Have you ever wished you could have a fairy Godmother, some kind, understanding soul who could wave her magic wand and make all your dreams come true? I know it might seem like we Duchesses have it all together, but the truth is, none of us got here without amazing friends and partners, and—in most cases—professional help. Six Duchesses (including Valerie Bowman, Diana Quincy, Jennifer McQuiston, Cheryl Ann Smith, Lecia Cornwall, and Anna Randol) share one very influential, very nice, and very helpful fairy Godmother: our amazing agent, Kevan Lyon.
Kevan is one of the founders of Marsal Lyon Literary Agency, a California-based powerhouse group that consistently ranks among the top agencies for romance sales. And Kevan’s widely known specialty? You guessed it: historical authors. You might say she has a soft spot for us, and loves to turn our pumpkins into coaches. And in some ways, she is the reader’s fairy Godmother too. Because the stories Kevan takes a chance on, the ones she believes in, almost always turn into the published books of tomorrow.
We Duchesses think the world of her. Today we present our stories of how we came to land with Kevan, and also pose several questions you might be burning to ask her!
Valerie Bowman’s story: I teamed up with Kevan the old-fashioned way. I queried her! I’d gotten the list of the top 10 romance agents (based on sales) from Publisher’s Weekly and then I asked a friend who was a published author to ask the other authors on the RWA’s published authors’ chat group to ask and see which of those agents preferred historicals. I figured it would help my chances if I queried those who really liked historicals! On my first query to Kevan, she asked for sample pages but ultimately rejected me. Very nicely, of course. : ) One of my favorite quotes is, “Fall seven times, stand up eight.” It was my mantra while querying and submitting. I simply wrote another book and queried Kevan again. The second time was the charm!
Jennifer McQuiston’s story: I was lucky enough to meet Kevan during a writer’s conference in Georgia during 2010, and even luckier to charm my way into a dinner with the conference organizers for being one of those persistent volunteers they just couldn’t shake. Kevan was sitting across the table from me, and she asked me about my book. I admit it: I took full advantage! The glass of wine may have helped. I sent her my full manuscript, and she offered representation within the week. I didn’t have to think twice: Kevan was my dream agent, and I wasn’t going to sit in my garden and think about going to the ball, I was all in!
Diana Quincy’s story: I queried Kevan and she responded with just about the nicest rejection letter I’ve ever received. She’d read quite far into my manuscript, discussed it with her partner, but ultimately decided against offering representation. I sent her a thank you note and figured that was the end of that. A few months later, while checking my spam folder, I was shocked to see an email from Kevan. She’d seen my name on a list of finalists for a national writing competition and asked me to send her the manuscript again. A few days later, she called to offer representation. Kevan recently sold that manuscript, SEDUCING CHARLOTTE, to Entangled and it will be out in Spring 2013!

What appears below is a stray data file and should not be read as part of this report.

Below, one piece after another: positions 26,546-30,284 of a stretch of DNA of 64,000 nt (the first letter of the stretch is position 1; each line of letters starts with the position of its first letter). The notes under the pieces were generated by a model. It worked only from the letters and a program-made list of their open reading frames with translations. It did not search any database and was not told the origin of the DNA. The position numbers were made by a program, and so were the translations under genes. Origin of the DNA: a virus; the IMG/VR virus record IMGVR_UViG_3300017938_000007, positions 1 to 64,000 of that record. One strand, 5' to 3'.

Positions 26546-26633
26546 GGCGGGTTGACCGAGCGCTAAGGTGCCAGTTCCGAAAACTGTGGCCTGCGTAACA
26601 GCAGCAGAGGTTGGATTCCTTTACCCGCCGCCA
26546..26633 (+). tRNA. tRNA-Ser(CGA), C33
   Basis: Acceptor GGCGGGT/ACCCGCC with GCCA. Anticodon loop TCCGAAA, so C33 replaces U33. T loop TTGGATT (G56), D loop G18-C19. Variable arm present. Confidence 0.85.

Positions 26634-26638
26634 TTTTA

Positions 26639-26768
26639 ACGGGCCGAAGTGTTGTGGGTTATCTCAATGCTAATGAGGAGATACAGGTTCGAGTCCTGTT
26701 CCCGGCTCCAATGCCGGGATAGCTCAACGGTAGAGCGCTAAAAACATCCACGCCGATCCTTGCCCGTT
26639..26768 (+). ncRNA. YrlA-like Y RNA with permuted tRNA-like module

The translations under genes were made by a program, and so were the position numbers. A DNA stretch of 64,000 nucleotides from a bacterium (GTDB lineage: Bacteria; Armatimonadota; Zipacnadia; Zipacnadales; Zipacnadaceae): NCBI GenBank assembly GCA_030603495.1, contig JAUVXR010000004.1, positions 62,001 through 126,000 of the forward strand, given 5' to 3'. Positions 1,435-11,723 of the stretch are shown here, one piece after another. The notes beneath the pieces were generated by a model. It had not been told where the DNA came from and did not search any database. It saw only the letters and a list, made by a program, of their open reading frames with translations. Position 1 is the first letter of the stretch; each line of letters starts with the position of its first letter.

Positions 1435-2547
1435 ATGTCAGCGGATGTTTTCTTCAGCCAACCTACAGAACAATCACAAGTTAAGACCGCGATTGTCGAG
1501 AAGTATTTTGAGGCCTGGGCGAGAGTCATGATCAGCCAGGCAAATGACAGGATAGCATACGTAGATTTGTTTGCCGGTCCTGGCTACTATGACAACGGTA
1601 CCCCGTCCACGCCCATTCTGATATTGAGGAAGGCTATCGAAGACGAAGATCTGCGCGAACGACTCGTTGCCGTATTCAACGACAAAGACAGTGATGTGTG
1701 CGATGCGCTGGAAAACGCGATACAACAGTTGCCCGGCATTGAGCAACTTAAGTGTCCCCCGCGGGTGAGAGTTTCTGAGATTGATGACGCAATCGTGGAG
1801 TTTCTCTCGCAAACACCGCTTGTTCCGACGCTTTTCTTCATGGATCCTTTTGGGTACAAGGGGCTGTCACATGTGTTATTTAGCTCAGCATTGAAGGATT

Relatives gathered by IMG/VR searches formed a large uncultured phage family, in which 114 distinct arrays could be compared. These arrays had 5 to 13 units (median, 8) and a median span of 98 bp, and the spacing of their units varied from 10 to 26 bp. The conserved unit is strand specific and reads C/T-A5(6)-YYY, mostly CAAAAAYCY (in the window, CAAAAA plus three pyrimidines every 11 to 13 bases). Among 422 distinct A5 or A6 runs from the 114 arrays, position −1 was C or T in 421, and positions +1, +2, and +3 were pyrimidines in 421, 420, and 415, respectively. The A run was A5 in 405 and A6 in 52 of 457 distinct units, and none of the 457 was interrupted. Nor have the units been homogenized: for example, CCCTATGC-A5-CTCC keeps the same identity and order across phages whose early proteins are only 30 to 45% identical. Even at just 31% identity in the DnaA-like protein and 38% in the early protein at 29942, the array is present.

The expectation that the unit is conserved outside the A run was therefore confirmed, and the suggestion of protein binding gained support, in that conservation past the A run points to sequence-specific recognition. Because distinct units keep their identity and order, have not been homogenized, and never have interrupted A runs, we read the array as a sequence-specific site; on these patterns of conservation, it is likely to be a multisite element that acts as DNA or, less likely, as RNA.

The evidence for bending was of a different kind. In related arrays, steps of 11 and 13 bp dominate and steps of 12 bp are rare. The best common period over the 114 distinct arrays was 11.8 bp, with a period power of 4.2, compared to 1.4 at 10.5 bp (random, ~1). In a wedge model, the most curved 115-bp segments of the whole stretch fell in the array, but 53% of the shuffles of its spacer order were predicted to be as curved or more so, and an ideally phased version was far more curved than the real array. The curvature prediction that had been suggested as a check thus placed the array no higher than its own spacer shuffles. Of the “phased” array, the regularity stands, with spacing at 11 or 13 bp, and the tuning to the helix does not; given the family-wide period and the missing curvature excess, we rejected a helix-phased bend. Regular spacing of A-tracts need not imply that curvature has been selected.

Lecia Cornwall’s story: I met Kevan at a conference in Seattle a few years ago. As a contest finalist, I got to choose one of the agents attending the conference for a private meeting. I chose Kevan, since I’d met her at dinner the evening before, and she was smart, professional and charming. She asked for my manuscript, and although she rejected that story, she left the door open for another submission. I sent her something new a year later, and while I was on vacation in Edinburgh, I got the happy e-mail that she wanted to work with me! I also had an offer from a second agent, but I chose Kevan based on those few face-to-face minutes in Seattle. I’ve never regretted it for a moment.
Anna Randol’s story: Since I’m lucky enough to live in the same fair city as Kevan, I heard her speak at my local RWA meeting. I thought she was savvy, smart, and professional. But at the time, she was with an agency that didn’t accept electronic queries, so I didn’t query her. (Hey, I figured I wasn’t going to pay thirty-two cents to get rejected…) But a few months later, I learned that she’d formed her own agency (and was accepting e-queries) so I sent mine off. A few days later she emailed asking for the full and then called a few days later with representation. I was thrilled to accept!
Cheryl Ann Smith’s story: I’d sent a requested (historical) partial to an editor at Avon, thought there was no way I’d get a full request, so I never finished the book. 8 months passed before the editor contacted me and asked for the full. I freaked! Then a week later, Kevan email-rejected a (contemporary) submission I’d sent her but loved my voice and asked to see future projects. So I replied back with the Avon request info, and she asked to see the partial. I sent 3 chapters and included an elevator pitch in the body of the email. She was intrigued by the pitch, immediately read the partial, and 7 hours later she called to offer me representation!